Postprint version. Published in Fisheries Research, Volume 144, July 1, 2013, pages 28-37.
The definitive version is available at https://doi.org/10.1016/j.fishres.2012.10.007.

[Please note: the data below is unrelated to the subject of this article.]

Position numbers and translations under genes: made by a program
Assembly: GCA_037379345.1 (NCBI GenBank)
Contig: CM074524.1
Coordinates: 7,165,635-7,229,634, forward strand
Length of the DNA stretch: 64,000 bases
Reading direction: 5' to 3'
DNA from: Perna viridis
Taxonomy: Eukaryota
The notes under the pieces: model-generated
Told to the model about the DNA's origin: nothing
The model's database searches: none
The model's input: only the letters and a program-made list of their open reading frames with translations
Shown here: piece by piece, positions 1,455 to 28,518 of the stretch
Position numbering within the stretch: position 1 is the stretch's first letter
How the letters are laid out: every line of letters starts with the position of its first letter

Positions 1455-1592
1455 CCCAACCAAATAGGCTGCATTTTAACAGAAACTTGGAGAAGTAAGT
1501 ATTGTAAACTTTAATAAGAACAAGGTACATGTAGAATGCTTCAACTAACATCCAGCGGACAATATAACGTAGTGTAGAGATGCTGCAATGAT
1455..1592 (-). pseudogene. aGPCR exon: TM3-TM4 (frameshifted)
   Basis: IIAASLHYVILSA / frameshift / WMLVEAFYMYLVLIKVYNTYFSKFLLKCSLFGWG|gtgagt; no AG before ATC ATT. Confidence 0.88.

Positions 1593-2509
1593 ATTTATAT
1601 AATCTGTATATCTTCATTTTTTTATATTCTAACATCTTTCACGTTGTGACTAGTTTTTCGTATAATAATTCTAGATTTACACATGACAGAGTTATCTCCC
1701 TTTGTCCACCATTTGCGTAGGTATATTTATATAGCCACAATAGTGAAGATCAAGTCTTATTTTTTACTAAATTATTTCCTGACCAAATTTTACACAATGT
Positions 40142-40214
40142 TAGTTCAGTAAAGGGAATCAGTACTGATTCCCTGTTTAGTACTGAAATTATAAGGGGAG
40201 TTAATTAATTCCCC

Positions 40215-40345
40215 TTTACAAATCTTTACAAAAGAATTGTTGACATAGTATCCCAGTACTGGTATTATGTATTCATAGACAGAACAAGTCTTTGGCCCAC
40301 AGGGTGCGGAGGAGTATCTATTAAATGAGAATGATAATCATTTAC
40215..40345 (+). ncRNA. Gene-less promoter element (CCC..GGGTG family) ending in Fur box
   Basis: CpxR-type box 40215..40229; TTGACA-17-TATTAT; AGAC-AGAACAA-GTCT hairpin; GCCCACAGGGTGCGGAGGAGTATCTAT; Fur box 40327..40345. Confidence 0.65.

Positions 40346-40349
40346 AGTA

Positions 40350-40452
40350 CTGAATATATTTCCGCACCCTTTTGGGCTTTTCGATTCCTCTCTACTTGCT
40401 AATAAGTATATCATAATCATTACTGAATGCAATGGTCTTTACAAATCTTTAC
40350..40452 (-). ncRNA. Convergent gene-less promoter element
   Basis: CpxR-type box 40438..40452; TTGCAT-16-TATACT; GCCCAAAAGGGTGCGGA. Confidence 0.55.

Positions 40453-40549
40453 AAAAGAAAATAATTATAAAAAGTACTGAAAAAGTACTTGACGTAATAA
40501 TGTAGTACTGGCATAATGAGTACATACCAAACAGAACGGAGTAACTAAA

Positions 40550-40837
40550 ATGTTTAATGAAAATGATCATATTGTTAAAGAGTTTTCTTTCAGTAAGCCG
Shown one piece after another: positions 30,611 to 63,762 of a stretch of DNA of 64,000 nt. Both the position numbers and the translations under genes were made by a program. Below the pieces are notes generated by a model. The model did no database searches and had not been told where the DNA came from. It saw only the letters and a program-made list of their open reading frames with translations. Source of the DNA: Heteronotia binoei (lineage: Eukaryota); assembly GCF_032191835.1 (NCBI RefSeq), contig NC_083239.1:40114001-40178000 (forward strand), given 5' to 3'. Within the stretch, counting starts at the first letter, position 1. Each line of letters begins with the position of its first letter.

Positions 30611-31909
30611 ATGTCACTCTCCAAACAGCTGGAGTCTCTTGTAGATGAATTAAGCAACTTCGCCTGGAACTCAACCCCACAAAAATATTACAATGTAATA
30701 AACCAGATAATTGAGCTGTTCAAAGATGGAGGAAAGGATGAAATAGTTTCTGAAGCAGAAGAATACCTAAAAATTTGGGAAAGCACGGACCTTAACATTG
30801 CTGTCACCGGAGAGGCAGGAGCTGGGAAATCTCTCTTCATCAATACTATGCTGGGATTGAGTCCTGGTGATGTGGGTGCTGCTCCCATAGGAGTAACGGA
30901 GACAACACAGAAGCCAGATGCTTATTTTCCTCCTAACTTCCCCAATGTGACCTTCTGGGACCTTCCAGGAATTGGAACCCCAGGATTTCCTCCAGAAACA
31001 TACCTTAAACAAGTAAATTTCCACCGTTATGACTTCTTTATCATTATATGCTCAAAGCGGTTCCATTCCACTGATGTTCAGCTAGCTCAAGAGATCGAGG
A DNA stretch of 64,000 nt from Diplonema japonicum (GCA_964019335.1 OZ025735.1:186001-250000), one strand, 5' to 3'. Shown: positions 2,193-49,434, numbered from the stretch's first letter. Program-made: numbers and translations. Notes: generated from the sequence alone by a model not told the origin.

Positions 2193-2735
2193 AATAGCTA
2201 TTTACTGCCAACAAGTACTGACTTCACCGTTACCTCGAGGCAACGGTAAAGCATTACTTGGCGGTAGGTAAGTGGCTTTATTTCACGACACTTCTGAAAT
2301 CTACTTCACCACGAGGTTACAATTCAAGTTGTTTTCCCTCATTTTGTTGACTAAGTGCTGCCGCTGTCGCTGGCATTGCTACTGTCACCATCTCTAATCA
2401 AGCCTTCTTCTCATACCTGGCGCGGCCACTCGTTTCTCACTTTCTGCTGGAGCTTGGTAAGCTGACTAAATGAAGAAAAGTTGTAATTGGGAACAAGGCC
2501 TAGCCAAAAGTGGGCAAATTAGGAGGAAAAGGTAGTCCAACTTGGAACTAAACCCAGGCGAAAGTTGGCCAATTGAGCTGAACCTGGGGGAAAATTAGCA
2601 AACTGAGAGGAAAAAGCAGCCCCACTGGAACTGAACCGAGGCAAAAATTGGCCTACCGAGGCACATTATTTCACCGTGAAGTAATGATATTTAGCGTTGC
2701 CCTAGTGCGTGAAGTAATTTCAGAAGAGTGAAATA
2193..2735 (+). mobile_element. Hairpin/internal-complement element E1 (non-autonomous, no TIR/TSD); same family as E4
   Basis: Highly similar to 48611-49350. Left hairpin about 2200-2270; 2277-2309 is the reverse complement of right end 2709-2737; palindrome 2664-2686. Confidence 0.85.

The efficacy of no-take marine reserves (NTMRs) to enhance and sustain regional coral reef fisheries was assessed in Dry Tortugas, Florida, through 9 annual fishery-independent research surveys spanning 2 years before and 10 years after NTMR implementation. A probabilistic sampling design produced precise estimates of population metrics of more than 250 exploited and non-target reef fishes. During the survey period more than 8100 research dives utilizing SCUBA Nitrox were optimally allocated using stratified random sampling. The survey domain covered 326 km2, comprised of eight reef habitats in four management areas that offered different levels of resource protection: the Tortugas North Ecological Reserve (a NTMR), Dry Tortugas National Park (recreational angling only), Dry Tortugas National Park Research Natural Area (a NTMR), and southern Tortugas Bank (open to all types of fishing). Surveys detected significant changes in population occupancy, density, and abundance within management zones for a suite of exploited and non-target species. Increases in size, adult abundance, and occupancy rates were detected for many principal exploited species in protected areas, which harbored a disproportionately greater number of adult spawning fishes. In contrast, density and occupancy rates for aquaria and non-target reef fishes fluctuated above and below baseline levels in each management zone. Observed decreases in density of exploited species below baseline levels only occurred at the Tortugas Bank area open to all fishing. Our findings indicate that these NTMRs, in conjunction with traditional fishery management control strategies, are helping to build sustainable fisheries while protecting the fundamental ecological dynamics of the Florida Keys coral-reef ecosystem.